youOnce set in motion, degagism turns out to be an electoral mechanism that is almost impossible to stop. Brought to power by this powerful phenomenon of rejection, of his predecessors as well as of his competitors from the traditional parties, Emmanuel Macron will prefer to have escaped him by obtaining his re-election as President of the Republic, almost two months ago. Alas, it is the absolute majority he claimed in the National Assembly which has just been hit hard by this desire to renew heads and upset established situations which seem to hold French voters. On the evening of this second round of the legislative elections, Mr. Macron finds himself faced with an inventory just as unprecedented as that which had been dressed when he entered the Elysée, five years earlier.
A sanction vote, without equivalent after such a recent re-election, almost halved the number of deputies of his party, LRM, within a coalition, Together!, which lacks more than forty seats to reach an absolute majority, when it was so broad during the first five-year term. He therefore had to resign himself to a relative majority much more tenuous, more isolated, and infinitely less than that which François Mitterrand had faced with his Prime Minister, Michel Rocard, after his re-election in 1988.
This major political upheaval brought many disappointments to the presidential camp during the evening: three ministers defeated, many figures from the party and the parliamentary group beaten – including Christophe Castaner and Richard Ferrand, pillars of the conquest and then the exercise of power – will require a deep recomposition of the physiognomy of Macronie. But it is a figure which seals, more than all the others, the failure of the president. In the new National Assembly will sit, according to the accounts of the World, 91 MPs from the far right, including 89 from the National Rally. This number represents three times the historic peak reached by Jean-Marie Le Pen’s National Front in 1986. This time without proportional representation, as was the case at the time. It was in the majority ballot, reputedly penal for her troops, that Marine Le Pen won this success at the end of a campaign so relaxed that she herself made it the first surprise.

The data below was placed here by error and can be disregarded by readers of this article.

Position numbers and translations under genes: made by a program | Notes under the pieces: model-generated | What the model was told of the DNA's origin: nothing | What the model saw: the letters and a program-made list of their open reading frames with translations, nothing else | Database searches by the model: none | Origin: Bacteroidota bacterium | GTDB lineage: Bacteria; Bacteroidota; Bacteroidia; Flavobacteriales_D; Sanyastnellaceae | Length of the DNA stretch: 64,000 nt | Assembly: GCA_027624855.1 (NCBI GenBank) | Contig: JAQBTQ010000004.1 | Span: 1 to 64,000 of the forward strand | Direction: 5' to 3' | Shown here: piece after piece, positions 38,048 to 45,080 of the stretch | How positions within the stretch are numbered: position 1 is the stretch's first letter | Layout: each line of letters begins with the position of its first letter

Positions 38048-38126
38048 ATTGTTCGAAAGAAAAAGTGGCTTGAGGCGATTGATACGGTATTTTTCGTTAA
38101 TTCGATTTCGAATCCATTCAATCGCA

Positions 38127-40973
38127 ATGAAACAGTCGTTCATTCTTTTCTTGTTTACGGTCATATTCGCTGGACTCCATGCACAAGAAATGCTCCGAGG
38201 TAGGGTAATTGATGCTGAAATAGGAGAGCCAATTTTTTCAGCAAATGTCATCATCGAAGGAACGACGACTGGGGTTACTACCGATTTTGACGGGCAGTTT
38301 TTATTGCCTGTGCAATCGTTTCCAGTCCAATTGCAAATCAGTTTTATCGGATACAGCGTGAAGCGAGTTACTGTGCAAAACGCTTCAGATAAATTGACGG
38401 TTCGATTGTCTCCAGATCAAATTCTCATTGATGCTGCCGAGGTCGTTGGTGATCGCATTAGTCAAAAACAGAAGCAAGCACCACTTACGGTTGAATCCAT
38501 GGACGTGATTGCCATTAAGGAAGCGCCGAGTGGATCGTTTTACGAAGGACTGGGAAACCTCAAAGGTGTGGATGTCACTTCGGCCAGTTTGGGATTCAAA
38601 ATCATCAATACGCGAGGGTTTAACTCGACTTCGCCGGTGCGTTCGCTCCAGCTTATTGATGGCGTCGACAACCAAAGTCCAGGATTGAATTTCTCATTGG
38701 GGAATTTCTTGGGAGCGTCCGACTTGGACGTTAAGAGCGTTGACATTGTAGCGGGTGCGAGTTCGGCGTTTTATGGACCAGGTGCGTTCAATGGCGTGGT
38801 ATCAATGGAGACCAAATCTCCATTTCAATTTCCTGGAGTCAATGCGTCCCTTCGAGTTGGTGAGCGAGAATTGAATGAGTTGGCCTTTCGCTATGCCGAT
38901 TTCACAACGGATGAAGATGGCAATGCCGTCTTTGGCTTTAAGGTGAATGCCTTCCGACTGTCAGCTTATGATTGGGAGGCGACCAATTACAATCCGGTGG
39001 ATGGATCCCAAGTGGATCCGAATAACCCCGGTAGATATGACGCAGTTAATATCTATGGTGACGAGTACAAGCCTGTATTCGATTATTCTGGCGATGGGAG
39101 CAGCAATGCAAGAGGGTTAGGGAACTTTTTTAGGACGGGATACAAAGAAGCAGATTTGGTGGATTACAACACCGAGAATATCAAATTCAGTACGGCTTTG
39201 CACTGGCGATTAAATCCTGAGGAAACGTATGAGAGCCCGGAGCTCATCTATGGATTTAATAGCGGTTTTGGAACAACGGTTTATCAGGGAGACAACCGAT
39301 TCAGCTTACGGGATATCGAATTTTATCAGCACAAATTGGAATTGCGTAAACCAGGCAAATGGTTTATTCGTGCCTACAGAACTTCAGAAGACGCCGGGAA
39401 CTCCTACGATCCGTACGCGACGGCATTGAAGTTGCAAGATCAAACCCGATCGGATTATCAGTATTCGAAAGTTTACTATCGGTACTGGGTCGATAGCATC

Faced with this extreme right, an electoral mechanism, much less solid than the ambient degagism, was broken: the republican front. By dint of past sprains, it was in fact already quite out of order. But it was the presidential party that dealt him the fatal blow, in between the two rounds of these legislative elections, by not giving national instructions to beat the RN candidates, while Emmanuel Macron owes a good part of it. his re-election against Marine Le Pen to the respect of this discipline between republican formations. On Sunday, this feeling of betrayal resulted in a general collapse of the Republican reflex: according to the polls, LRM voters did not move more than those of Nupes to block the way to an RN competitor. On the part of the outgoing majority, this lack of reciprocity does not only signify the cynicism of a short-sighted maneuver – which will have failed to harm its own result.
Depending on the circumstances
Above all, it constitutes, for Mr. Macron, a major denial of the principles displayed when his party was founded and the beginnings of his conquest of power. The quotations pronounced then are numerous and eloquent. The fight against the causes of the RN vote, and against the political formation that benefits from it, was a top priority. Never had any sign of equality been drawn between the far-right party – whose xenophobic roots have not changed – and the radical protest carried by Jean-Luc Mélenchon’s La France insoumise, whatever the grievances formulated at his meeting.
More recently, before the second round, borrowings were even made in the program and the slogans of the “rebellious” candidate, words brought to the attention of his supporters. Until the agreement reached within Nupes changed the balance of power and suddenly led to treating the coalition around Mr. Mélenchon as the greatest of perils, and as a proposal ” extreme “. At the risk of suggesting that this adjective serves above all to disqualify, depending on the circumstances, anything that hinders access and then the maintenance of power by Emmanuel Macron.
Sunday evening, a man was involuntarily the revealer of these calculations and these denials. Clément Beaune, Minister Delegate for Europe, narrowly snatched his seat as deputy for Paris after being one of the very few in his camp to call for a vote, without any ambiguity, against the RN candidates. Amid the carnage of the figures of the majority, his victory sounded like a welcome reminder of what was the proclaimed essence of macronism: an attachment to European construction viscerally linked to the rejection of far-right nationalism.